New type of credit card offers access to loans for poor credit customers:
If you’ve got a credit score below 600, chances are you’ve messed up. Late payments. Foreclosure. Maybe you’ve been through a bankruptcy.
Getting a credit card in these situations can be pretty difficult, for obvious reasons: It’s not worth the risk to many lending institutions.
But Americans with bad credit are often the ones that need loans the most. In the absence of reasonably priced lending, many resort to alternatives with exorbitant interest rates to stay afloat, like payday loans — an industry that has grown massively over the past decade or so.
Sometimes this works as an expensive stop gap, but often people get sucked into a cycle of debt and struggle to come back up for air.
Marla Blow thinks she can help. A card industry veteran who spent nearly a decade at Capital One and helped run the credit card and payments division at the Consumer Financial Protection Bureau, Blow recently helped launch a startup called FS Card, whose sole product at the moment is a credit card targeted toward those with tarnished credit histories.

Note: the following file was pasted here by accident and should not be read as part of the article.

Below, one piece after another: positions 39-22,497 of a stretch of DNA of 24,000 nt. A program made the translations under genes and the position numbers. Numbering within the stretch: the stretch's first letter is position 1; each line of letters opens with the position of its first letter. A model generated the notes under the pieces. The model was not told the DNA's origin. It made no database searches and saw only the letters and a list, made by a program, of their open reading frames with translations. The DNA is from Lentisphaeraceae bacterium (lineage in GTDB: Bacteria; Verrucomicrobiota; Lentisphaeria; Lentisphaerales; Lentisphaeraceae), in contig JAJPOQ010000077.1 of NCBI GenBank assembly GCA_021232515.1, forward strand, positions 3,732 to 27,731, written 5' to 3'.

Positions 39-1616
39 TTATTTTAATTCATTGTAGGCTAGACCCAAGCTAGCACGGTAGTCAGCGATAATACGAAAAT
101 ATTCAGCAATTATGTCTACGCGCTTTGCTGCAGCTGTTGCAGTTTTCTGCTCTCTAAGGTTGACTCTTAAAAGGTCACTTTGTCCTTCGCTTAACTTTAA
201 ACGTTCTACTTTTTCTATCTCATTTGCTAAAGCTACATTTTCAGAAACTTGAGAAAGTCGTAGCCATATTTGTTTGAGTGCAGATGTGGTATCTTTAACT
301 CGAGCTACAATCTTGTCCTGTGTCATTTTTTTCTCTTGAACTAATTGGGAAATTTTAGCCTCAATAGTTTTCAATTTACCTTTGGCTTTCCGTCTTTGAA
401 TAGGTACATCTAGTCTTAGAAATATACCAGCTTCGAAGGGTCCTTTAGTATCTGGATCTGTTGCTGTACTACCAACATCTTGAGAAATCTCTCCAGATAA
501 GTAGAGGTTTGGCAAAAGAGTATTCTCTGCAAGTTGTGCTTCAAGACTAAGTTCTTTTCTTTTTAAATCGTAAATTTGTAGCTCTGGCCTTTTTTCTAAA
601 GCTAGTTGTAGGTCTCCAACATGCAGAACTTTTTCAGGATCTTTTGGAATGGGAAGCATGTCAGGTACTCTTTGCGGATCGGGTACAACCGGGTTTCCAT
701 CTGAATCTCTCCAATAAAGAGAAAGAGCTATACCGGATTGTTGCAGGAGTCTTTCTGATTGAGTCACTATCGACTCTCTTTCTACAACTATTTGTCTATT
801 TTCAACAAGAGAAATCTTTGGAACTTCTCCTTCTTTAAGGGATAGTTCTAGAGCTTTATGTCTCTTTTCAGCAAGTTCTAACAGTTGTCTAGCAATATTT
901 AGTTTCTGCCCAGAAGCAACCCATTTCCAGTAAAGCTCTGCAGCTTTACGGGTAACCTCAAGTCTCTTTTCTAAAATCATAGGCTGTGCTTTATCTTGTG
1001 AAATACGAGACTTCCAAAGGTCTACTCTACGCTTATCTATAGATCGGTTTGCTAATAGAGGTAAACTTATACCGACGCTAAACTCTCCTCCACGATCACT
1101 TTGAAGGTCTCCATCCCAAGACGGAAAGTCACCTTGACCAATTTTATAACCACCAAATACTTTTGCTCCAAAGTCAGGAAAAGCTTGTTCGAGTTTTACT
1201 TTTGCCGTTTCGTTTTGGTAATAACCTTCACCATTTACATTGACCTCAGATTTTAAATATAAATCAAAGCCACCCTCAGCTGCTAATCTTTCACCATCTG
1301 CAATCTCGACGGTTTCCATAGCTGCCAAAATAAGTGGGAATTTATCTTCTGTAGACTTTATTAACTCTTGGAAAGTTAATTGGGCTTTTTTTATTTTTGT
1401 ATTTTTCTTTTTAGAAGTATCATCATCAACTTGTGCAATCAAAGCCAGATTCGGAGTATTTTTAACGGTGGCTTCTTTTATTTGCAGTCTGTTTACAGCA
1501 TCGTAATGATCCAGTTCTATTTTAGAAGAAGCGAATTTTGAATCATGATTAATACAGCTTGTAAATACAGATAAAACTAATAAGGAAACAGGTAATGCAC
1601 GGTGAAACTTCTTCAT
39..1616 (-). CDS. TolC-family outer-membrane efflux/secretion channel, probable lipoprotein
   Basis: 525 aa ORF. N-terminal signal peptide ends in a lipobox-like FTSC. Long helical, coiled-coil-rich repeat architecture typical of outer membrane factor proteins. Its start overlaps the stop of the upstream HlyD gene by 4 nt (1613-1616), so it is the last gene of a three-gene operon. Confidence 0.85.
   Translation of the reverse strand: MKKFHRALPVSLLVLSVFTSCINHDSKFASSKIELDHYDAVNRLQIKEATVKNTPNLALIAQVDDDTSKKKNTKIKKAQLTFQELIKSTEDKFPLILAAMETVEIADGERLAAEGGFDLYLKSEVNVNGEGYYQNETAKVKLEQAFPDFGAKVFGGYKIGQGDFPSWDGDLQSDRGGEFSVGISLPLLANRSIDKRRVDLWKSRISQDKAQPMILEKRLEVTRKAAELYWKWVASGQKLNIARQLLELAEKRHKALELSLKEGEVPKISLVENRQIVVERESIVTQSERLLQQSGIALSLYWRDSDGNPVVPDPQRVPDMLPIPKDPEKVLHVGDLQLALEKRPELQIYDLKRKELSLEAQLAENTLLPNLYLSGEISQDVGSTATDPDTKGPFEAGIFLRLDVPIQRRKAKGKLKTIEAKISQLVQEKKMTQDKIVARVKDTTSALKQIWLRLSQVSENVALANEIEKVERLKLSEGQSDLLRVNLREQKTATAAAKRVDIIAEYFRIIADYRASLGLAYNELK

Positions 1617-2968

The card, which is called “Build” and has MasterCard branding, enables customers to avoid the local payday lender’s sky-high rates and gradually mend their standing in the eyes of the almighty FICO.
FS Card’s strategy is to target “deep subprime customers” in the 550 to 600 credit score range, a group that’s largely been overlooked and forgotten by the big banks, according to Blow, the company’s CEO. By offering transparent rates and fees and low spending limits to start, Blow thinks she can carve out a profitable business that also helps people repair their financial bedrock.
It’s off to a good start: Some 50,000 people have signed on in about a year and a half.
“We’ve found really good traction,” Blow told Business Insider. “Access to mainstream, reasonably priced credit is still something the underserved market is very much seeking.”
More at: http://www.businessinsider.com/build-credit-card-helps-people-with-bad-credit-scores-2017-5